It’s now mid-winter. The worst of the cold is still to arrive but you’ve lit the fire for the second time already. The rivers open in two months and five days. From where you’re sitting it may as well be five years, so slowly does the time drag past.
Winters are for tying flies and doing chores (when you don’t occasionally capitulate and cast a heavier rod over an impoundment; something that you have precious little respect for and just can’t take seriously). You bought a custom version of the Rolls Royce of fly tying vices on a whim at a charity auction recently in the steadfast belief that it would galvanize you into using the impressive collection of other tools and materials that you own and that you would start off the next season with boxes plump with your own rough, but serviceable, flies. Retail therapy, they call it.
You’ve yet to open the bag to even look at the vice but, again, it’s a really comfortable thing to have around. (And, by God, it’s beautiful – like the geek who snags a underwear model it’s far, far too good for you.)
What you’ve been occupying yourself with is looking ahead to the new season. As you do every winter.
Last season was one of two halves. Late snowfall brought to your favorite rivers a bit of respite from the crippling drought and come September they were a little more than just fishable. Opening weekend saw you and a rag-tag bunch flogging away at barely moving streams. You fished the little bamboo rod that you made the previous winter and were surprised how good it was. At 6’3″ it is a little short but you made it specifically for a particular stream and are ecstatic with its abilities and marginally less so with its looks.
Opening weekend was something of a bust. You paired up with someone who was to become a good and treasured friend and fished through the village. You saw one rise, executed a perfect cast to it and (its early season, you consoled yourself) – duffed it. Sitting on the bank you built your pipe and smoked in the gentle spring sunlight until it started rising again. Without hurry you loaded the wooden rod and dropped the caddis within millimeters of where you wanted it. A snatching rise, a well-timed set and you were into your first brown of the season.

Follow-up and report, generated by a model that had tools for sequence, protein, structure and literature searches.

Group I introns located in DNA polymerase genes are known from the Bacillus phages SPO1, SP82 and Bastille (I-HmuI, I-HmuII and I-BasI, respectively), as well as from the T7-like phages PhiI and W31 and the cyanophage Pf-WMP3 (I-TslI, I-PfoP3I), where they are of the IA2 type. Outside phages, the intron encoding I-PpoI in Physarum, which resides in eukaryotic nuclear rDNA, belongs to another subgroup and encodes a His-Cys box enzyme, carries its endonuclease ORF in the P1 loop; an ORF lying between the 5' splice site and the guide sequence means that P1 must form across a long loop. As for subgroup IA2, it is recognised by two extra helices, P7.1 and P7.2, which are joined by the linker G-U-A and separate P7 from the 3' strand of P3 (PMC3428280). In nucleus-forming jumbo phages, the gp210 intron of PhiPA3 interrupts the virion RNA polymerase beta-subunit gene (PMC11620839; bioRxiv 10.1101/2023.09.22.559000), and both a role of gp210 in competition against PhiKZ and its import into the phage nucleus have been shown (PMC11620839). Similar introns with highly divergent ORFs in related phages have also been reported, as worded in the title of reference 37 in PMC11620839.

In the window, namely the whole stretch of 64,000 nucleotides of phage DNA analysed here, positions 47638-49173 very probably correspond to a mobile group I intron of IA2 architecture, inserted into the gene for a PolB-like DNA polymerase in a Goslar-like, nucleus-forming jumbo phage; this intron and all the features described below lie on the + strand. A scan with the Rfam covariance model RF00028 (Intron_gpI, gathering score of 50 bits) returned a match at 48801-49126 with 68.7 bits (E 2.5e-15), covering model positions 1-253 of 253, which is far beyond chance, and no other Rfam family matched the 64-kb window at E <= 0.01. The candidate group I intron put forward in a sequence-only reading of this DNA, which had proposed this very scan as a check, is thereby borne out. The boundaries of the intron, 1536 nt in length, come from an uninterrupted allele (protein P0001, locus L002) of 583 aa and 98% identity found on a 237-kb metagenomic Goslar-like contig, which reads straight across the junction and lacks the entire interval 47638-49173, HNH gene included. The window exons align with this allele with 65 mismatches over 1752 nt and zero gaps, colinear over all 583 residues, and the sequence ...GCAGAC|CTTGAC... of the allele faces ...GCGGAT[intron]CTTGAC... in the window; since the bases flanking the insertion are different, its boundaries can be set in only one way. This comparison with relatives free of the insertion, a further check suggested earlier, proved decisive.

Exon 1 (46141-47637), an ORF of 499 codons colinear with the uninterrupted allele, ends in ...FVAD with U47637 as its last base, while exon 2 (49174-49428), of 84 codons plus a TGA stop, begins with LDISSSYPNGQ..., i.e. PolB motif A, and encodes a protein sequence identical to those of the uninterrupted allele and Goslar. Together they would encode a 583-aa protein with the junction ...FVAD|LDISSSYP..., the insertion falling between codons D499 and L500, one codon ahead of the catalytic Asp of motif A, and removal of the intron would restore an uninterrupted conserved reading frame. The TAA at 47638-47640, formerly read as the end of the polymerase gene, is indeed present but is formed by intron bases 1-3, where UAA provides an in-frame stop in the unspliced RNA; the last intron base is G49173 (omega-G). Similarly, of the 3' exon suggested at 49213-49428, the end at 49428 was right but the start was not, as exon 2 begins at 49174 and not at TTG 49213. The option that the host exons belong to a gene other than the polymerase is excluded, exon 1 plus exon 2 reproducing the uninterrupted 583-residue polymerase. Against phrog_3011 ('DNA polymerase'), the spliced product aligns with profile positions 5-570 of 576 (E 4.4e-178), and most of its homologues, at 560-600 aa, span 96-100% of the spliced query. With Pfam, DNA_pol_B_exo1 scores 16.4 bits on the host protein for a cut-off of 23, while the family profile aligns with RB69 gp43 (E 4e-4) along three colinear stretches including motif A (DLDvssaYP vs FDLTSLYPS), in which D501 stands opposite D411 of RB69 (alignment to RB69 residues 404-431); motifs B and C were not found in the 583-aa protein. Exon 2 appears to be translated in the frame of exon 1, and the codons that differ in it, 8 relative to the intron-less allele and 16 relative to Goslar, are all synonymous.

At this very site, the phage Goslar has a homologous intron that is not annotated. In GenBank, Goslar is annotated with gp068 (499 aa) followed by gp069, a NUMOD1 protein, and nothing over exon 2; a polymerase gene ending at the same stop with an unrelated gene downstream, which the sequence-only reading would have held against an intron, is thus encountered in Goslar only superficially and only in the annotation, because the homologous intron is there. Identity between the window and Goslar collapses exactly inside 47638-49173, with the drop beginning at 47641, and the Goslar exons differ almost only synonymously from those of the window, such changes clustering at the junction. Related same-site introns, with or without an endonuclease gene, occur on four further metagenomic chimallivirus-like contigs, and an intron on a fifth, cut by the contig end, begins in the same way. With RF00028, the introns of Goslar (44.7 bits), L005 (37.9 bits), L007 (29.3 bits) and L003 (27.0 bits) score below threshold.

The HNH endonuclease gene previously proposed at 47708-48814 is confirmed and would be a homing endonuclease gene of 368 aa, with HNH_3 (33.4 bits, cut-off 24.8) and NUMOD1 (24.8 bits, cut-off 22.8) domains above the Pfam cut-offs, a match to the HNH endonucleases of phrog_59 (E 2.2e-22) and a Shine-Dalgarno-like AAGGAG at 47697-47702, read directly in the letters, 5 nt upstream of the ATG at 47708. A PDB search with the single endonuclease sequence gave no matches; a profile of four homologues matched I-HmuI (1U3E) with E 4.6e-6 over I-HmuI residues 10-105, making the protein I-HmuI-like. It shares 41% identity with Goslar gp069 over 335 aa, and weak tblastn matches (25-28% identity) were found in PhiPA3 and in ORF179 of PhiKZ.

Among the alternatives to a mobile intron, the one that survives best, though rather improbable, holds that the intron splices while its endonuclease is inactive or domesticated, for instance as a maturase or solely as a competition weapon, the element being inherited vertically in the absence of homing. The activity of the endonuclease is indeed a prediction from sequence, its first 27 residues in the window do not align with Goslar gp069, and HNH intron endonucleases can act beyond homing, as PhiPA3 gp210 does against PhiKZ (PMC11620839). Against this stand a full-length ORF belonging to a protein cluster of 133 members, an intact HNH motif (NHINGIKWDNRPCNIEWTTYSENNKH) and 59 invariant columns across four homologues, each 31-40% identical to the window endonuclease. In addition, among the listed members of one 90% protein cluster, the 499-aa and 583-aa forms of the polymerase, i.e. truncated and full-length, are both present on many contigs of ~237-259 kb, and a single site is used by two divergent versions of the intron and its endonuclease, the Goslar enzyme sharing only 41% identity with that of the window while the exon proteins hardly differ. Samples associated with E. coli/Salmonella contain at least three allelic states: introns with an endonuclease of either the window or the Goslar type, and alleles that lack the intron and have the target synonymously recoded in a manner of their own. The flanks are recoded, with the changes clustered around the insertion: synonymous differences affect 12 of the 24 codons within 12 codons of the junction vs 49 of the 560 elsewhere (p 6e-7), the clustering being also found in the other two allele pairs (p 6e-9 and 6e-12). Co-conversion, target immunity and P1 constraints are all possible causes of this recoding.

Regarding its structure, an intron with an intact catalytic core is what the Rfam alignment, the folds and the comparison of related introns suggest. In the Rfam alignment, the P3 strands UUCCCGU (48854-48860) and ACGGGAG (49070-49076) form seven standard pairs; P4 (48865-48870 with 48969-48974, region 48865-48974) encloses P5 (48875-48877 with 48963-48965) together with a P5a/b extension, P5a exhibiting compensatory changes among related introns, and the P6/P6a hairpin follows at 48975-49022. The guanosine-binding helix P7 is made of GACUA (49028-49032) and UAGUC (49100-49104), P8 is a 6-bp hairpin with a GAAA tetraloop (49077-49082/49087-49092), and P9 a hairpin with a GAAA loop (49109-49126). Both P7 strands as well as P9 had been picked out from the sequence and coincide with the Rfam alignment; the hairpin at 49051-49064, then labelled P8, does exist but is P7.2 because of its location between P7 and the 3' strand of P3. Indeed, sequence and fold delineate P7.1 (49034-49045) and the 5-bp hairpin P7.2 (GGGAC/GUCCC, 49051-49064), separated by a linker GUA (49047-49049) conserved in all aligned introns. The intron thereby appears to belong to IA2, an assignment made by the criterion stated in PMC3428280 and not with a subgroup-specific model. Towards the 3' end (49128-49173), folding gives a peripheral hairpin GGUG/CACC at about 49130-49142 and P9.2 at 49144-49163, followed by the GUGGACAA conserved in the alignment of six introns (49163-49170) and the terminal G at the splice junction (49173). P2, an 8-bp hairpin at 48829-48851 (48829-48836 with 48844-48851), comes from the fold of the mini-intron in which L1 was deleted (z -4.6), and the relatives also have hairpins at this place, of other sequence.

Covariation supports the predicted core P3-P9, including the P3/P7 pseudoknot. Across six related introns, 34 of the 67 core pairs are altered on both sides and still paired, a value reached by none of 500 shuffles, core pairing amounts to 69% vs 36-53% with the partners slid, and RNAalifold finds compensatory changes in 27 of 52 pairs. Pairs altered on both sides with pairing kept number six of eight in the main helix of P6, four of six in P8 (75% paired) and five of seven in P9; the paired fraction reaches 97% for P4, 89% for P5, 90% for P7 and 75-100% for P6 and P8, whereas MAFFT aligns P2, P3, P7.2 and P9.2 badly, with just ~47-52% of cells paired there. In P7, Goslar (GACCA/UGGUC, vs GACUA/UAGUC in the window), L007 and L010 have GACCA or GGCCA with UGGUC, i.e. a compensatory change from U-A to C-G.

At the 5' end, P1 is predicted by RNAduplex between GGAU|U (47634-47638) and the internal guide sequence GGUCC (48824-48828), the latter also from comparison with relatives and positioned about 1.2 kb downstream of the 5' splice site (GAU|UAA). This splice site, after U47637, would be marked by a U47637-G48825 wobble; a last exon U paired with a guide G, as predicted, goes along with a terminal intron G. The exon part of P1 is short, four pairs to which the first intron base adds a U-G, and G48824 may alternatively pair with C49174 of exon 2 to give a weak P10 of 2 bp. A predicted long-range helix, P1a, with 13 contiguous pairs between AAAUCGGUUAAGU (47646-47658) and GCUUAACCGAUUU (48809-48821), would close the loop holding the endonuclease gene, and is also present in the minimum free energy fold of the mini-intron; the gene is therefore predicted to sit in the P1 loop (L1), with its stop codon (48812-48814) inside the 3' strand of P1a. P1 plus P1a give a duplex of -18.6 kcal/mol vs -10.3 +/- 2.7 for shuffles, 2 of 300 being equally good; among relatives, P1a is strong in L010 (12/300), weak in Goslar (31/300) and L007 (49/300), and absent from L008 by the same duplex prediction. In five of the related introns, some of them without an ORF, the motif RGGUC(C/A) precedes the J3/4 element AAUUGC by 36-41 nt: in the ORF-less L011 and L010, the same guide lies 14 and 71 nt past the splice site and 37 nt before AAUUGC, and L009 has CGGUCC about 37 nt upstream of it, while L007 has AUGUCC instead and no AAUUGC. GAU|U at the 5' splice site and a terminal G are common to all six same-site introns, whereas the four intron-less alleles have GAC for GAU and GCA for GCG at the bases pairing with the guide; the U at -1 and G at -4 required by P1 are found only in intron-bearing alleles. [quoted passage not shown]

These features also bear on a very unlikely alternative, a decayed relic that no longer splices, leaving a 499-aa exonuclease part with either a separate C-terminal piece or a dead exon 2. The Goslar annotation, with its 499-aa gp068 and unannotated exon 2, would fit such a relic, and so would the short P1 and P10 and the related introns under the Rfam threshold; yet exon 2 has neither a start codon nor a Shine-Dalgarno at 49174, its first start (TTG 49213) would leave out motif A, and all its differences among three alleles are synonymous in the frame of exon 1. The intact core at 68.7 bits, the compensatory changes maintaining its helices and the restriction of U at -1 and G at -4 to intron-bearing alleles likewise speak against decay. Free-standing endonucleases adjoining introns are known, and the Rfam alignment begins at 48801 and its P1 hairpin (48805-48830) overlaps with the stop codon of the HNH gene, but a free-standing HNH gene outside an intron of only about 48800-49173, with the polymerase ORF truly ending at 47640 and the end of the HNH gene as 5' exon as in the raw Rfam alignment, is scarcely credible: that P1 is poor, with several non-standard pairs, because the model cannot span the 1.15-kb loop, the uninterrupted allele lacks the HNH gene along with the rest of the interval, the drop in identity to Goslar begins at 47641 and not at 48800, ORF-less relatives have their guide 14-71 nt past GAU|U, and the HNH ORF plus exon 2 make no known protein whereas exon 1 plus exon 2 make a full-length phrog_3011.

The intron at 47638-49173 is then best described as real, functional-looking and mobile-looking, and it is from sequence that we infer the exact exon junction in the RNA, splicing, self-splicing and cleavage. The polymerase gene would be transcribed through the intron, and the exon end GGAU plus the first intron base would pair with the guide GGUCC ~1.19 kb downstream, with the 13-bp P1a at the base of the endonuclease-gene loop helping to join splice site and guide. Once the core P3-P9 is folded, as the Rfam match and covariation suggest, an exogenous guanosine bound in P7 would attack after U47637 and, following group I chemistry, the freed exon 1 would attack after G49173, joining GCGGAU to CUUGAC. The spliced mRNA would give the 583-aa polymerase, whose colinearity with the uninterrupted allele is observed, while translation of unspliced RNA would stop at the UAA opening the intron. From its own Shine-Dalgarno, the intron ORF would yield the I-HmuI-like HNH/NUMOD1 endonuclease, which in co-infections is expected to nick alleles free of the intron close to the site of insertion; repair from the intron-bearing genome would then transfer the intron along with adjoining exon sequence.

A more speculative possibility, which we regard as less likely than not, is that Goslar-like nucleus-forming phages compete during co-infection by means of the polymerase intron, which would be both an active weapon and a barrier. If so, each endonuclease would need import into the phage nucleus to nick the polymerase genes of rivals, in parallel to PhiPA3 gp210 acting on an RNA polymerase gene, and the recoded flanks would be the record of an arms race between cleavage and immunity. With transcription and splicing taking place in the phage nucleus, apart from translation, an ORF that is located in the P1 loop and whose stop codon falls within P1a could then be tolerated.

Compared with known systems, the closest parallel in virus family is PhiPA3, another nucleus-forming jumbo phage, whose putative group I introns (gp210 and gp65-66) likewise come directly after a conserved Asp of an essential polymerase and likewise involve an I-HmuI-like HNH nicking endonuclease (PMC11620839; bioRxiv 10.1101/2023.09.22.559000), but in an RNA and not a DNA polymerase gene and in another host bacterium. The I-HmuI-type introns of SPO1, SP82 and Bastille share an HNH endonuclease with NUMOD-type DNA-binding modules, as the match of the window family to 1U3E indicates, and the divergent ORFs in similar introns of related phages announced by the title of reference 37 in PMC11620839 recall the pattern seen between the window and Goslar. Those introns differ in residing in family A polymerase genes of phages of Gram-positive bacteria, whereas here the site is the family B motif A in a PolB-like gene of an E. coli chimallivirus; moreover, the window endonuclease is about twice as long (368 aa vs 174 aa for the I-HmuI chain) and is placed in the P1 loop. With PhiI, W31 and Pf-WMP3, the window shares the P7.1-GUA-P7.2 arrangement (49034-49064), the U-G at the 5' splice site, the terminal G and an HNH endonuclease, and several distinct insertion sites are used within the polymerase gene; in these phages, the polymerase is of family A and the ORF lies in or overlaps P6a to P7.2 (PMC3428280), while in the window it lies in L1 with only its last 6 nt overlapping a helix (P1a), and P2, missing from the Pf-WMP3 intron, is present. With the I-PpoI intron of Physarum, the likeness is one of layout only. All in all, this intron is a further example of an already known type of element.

The rod that you made (one makes a bamboo rod and builds a graphite rod I’m told) fought the fish beautifully, bending right back into the corks and nursing the 7X tippet. You rarely take photographs of the fish you catch but twisting out the hook and throwing the line aside and downstream you lowered the rod into the stream for a quick picture next to the fish. Fumbling for the waterproof camera in your breast pocket the fish escaped your light grasp and shot, at great speed, in the general direction of as far away from you as it can get.
It would have taken more than this to spoil your mood and with a chuckle you pick up your rod, slowly becoming aware of some tension in it. Your fish in its flight downstream passed the fly and took it again. You get your picture as the rod, as good rods should, notches up its first story to be told over tackle shop counters and around fire pits. Other than for one from the small dam on the way back it’s the first (and the second?) and the last fish of what was a long day on the water. The conditions this season are going to be hard, you reason, but it’s going to be a cracker. Provided that it rains soon.
The next day everyone leaves while the Doc joins you on a hike to fish higher up. Both fishing the grass rods that you made you leapfrog pools and smile and encourage one another as your spirits steadily start to wane. Collectively you spook one fish. You neither raise not prick a single one. You tell each other that the stretch is known for being difficult and in water this clear and slow you didn’t stand a chance to begin with. It’ll pick up, you reassure one another uncertainly, opening weekend is always awful.
Two months later you’re getting seriously concerned.
End of part one